I’ve seen this across all the spaces I’ve worked in. Giving people the smallest boosts to their confidence can have huge consequences. Just letting people hear that they’ree good enough, welcome, acceptable, that their contribution is valid can be enough to change what they’re able to do. For anyone leading a space, handing out praise is a powerful choice that invariably brings greater engagement and effort from people.

This is something we can all do. Taking a moment just to acknowledge what someone else did will help boost their confidence. ‘Thank you’ gets a lot done all by itself. Telling people what you liked about what they did will boost their self esteem. The more we build that for each other, the more can happen in a space – be that a moot, a learning circle, a closed ritual group or anything else of that ilk. It applies just as well outside Pagan spaces, too.

Giving positive feedback also has a really interesting impact on the person doing it. It’s a powerful thing, giving praise and encouragement to someone else. If you want to lift your own confidence, then offering encouragement to someone else is a really good way to do that. Of course it also tends to lead to positive interactions. People liking each other’s stuff is a good basis for friendship. If you’re a shy and socially nervous sort of creature and assume that the people who do stuff you love won’t care about your opinion… I can promise you that anyone who appears to be a functional human being responds with delight to being told someone liked their stuff. There are exceptions but they tend to be self-announcing and a bit of observation will flag them up.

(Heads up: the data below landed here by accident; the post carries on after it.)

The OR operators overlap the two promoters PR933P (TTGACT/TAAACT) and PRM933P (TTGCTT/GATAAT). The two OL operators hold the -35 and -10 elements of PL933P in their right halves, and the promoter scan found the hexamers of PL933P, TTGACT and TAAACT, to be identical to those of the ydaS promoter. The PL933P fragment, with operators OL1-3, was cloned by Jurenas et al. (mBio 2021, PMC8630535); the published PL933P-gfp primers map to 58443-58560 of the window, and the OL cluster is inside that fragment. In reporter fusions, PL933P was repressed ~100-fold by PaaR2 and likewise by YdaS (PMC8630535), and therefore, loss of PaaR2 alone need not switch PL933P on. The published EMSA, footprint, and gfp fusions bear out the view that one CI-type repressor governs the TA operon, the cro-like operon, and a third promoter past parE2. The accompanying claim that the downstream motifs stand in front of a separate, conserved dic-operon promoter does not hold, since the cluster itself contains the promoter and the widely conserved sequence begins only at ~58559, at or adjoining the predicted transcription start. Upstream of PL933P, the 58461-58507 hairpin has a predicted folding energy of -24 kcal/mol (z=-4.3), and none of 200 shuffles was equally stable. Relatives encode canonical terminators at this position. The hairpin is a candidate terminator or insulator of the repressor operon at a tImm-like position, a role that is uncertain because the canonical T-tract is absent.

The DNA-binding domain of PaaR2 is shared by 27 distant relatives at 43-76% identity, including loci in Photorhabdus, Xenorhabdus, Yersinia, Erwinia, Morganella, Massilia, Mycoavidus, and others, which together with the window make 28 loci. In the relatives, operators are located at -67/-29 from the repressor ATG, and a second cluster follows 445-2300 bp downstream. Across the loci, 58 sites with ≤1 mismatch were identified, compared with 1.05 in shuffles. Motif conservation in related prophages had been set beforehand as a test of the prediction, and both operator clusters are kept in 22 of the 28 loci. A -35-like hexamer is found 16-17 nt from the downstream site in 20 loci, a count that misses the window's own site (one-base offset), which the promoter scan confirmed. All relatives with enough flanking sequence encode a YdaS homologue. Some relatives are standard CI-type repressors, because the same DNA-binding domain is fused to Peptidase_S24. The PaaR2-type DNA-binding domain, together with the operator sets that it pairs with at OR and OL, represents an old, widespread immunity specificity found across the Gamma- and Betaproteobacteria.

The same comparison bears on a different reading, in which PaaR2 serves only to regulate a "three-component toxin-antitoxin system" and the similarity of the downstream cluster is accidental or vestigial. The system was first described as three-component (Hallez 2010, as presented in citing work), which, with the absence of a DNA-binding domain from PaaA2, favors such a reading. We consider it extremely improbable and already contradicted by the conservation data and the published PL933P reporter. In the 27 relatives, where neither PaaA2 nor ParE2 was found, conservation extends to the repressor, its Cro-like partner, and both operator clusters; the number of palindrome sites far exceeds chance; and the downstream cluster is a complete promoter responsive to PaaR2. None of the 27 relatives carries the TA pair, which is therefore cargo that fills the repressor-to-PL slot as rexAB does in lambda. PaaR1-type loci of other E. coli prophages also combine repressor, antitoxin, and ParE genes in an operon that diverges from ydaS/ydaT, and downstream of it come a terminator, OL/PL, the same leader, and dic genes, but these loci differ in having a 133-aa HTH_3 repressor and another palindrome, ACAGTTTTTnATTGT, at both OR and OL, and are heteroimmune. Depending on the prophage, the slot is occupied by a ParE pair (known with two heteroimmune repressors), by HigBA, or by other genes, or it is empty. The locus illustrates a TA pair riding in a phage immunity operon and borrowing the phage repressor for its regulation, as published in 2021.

When we support and encourage people, more happens. A ritual where very few people feel able to speak or take an active role is a much poorer thing than a ritual where everyone is engaged and feels able to give of themselves. It’s the same in social spaces and creative spaces. The more able people feel, the more good stuff happens. The things that we can do to be part of that are fairly small and startlingly effective. Finding the courage to approach someone and say that you liked what they did is so powerful.